Eritrea players sue Kgathi

Kgathi
Kgathi

The 10 Eritrean players who refuse to go home are seeking the High Court intervention to block their deportation. The players have indicated that they risk execution, detention, and torture once they set foot in their home country. Local attorney Dick Bayford will be representing the players in court this morning.

The Eritrean Movement for Democracy and Human Rights (EMDHR) through lawyer, Dick Bayford will today file an urgent application challenging government’s intention to deport 10 Eritrean footballers seeking political asylum.

Minister for Defence, Justice and Security, Shaw Kgathi yesterday said on a local radio station that the government will deport the players who were part of the country’s senior national team that lost to the Zebras on Tuesday, in the 2018 World Cup qualifying game. Abane Ghebremestel of EMDHR told Mmegi that they were very disappointed in the minister’s radio comments hence they instructed their lawyer to file an urgent application.

He also expressed concern that they were being denied access to the players and were planning on approaching the courts to intervene. “We want the courts to order that our lawyer be granted access to the players so that he can represent them knowing their side of the story,” he said.


Ghebremestel further said they want the court to interdict the minister’s intention of deporting the players before they can undergo the country’s due process of seeking asylum. “Most of the players are from the Eritrean Army, and the fact that they did not leave with the others who were mostly recruited from outside the country, will lead to them being charged with treason and they can end up being killed or imprisoned,” said Ghebremestel.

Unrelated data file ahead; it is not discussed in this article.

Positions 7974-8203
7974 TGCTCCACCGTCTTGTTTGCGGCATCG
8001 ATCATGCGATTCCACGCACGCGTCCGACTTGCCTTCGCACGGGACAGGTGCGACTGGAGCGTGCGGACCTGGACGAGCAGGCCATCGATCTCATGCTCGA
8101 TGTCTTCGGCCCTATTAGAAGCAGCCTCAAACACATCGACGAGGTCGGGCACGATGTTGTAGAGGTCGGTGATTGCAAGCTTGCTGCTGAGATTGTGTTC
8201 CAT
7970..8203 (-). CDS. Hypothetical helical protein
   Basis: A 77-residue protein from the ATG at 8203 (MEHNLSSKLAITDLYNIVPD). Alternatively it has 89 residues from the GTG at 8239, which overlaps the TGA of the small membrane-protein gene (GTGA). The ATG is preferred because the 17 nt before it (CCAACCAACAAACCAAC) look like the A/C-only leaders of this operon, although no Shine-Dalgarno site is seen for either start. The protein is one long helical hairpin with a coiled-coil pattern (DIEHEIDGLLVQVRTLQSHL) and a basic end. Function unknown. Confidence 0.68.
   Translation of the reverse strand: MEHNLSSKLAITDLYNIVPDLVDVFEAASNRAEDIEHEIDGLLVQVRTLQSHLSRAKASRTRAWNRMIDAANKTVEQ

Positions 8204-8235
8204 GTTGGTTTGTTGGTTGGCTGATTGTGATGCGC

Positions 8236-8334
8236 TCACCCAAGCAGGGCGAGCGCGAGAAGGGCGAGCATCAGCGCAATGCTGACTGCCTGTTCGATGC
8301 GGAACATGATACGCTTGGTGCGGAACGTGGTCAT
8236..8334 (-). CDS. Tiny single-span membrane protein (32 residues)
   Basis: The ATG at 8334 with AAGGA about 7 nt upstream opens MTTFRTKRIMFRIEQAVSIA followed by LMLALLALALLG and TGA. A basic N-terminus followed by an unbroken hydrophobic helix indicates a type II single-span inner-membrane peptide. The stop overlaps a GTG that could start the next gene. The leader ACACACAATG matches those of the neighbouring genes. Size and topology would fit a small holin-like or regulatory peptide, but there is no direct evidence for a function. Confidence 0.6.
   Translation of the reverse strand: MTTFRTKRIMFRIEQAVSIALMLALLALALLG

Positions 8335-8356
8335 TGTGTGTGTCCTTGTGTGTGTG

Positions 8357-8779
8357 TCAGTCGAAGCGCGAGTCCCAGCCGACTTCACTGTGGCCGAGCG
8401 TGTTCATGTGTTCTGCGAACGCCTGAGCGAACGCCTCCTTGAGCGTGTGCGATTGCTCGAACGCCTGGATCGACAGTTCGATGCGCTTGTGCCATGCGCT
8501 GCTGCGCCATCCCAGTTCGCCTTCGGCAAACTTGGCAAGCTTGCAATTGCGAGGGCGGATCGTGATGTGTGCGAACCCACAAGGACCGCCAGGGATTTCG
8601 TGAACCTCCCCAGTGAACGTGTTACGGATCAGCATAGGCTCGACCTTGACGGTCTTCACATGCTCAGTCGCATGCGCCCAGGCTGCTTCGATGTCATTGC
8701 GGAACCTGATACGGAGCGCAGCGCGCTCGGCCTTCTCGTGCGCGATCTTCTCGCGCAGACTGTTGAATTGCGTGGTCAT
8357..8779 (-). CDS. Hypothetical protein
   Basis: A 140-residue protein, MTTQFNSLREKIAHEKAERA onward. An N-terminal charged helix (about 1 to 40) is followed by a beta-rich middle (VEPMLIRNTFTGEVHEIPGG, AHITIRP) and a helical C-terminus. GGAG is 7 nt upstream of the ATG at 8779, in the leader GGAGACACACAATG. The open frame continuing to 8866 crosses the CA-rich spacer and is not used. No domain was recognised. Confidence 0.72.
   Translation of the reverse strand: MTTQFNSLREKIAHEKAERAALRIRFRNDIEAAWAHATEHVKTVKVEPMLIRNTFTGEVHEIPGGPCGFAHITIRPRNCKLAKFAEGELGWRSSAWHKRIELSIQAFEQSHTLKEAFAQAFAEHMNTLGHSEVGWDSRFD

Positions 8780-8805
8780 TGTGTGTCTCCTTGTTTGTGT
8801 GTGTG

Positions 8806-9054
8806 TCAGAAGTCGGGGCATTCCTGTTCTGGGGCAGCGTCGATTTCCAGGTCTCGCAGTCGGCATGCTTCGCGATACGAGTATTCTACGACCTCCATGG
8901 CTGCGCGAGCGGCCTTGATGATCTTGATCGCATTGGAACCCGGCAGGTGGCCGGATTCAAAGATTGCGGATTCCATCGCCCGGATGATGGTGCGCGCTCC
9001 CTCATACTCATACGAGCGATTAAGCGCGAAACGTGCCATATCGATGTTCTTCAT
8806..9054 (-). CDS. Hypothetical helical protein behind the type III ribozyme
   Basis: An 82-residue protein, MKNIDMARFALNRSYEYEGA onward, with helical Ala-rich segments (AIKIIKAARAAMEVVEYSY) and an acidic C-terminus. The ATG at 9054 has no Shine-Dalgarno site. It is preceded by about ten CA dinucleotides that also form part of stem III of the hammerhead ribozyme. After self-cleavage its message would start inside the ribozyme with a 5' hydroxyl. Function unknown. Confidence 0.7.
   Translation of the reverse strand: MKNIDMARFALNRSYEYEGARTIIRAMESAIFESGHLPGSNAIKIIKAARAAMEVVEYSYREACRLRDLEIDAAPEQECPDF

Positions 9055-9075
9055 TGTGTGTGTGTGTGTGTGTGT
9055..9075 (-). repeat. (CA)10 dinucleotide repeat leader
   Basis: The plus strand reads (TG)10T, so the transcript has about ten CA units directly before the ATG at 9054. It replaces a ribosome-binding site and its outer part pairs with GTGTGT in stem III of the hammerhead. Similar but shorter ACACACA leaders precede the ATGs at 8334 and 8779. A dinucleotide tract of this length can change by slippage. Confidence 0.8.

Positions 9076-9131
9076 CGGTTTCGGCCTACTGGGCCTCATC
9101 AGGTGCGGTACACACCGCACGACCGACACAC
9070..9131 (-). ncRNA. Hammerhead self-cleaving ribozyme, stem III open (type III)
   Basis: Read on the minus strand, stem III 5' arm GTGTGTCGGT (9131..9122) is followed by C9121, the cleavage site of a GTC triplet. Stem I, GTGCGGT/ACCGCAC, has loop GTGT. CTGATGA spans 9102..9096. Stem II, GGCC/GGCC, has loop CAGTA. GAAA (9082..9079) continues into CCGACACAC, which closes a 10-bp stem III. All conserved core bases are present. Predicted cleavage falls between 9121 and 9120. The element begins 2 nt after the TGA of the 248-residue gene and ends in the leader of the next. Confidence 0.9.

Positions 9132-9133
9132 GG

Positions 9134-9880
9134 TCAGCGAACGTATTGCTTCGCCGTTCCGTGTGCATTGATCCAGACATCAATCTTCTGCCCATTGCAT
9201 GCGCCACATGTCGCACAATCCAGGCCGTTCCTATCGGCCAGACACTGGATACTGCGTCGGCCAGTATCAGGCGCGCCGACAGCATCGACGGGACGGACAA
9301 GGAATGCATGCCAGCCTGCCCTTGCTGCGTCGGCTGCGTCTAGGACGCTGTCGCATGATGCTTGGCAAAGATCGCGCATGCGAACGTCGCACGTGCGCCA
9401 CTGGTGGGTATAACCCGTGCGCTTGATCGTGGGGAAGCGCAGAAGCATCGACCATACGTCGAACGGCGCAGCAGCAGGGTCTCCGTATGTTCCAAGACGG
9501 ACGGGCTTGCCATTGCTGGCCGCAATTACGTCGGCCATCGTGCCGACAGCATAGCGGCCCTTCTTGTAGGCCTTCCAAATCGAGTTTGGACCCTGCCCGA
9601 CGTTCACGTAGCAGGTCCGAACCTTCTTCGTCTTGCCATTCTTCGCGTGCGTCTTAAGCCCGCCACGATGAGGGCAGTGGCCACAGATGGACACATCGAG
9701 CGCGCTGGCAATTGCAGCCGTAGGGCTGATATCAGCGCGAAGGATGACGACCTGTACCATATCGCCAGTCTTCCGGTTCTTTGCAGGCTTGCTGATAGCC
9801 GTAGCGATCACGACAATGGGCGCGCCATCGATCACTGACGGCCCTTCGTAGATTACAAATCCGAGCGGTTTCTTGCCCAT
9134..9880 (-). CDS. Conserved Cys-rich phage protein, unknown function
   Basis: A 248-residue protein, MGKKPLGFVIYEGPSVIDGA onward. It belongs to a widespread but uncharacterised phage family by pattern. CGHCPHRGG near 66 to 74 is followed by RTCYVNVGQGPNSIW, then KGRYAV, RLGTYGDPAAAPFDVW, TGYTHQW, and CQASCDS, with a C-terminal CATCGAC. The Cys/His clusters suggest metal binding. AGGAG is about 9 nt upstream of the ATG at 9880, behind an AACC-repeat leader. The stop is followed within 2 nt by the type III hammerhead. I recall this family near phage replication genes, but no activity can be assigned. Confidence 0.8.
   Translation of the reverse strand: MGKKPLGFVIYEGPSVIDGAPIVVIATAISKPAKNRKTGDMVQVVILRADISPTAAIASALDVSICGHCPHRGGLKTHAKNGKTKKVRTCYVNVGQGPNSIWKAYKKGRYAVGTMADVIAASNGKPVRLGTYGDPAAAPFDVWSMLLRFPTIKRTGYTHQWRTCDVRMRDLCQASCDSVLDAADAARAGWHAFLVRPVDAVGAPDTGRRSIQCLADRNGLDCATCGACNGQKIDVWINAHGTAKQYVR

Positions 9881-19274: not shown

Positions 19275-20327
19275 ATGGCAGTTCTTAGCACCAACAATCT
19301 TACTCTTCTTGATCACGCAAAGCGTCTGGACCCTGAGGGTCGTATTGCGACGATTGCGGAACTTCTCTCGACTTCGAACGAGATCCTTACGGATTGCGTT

For his part, Bayford said the move to file the urgent application with the courts came after the permanent secretary at the defence ministry, Augustine Makgonatsotlhe had assured him yesterday that the players will not be deported.  However, Kgathi went on national radio to say the opposite. Kgathi said the footballers did not come into the country to request asylum but to play football, hence they had to be sent back home. “They must go back home.  You don’t come to a country to play football, lose and then say you want political asylum.  There are proper steps to take and they can do that from their home country,” he said.

On Wednesday Bayford said he wrote a letter to the Kutlwano Police station commander in Francistown and copied it to the Office of the President, in which he brought to their attention the provision of the law.

He explained that once someone has presented himself or herself for refugee status, their application had to be brought before a committee.

He argued that before determination, it was illegal to deport them from the country.  Efforts by this publication to speak to the minister yesterday proved futile as he said he could not talk.

Bayford said his clients were concerned, as they had received information that there were plans to deport the players without hearing them first.

He said the letter was meant to seek assurance that the footballers would not be deported.

Eritrea’s dismal human rights record, exacerbated by indefinite military conscription, has led thousands of Eritreans to flee their country every month.

Eritrea has had no functioning legislature, independent press, or any semblance of civil society organisations since 2001. 

In early 2014, President Isaias Afwerki confirmed his lack of interest in an open society, stating: “If there is anyone who thinks there will be democracy or a multiparty system in this country ... then that person can think of such things in another world”.

Common patterns of abuse include forced labour during conscription, arbitrary arrests, detentions, and enforced disappearances.

Other abuses include torture, degrading treatment in detention, restrictions on freedoms of expression and movement, and repression of religious freedom.

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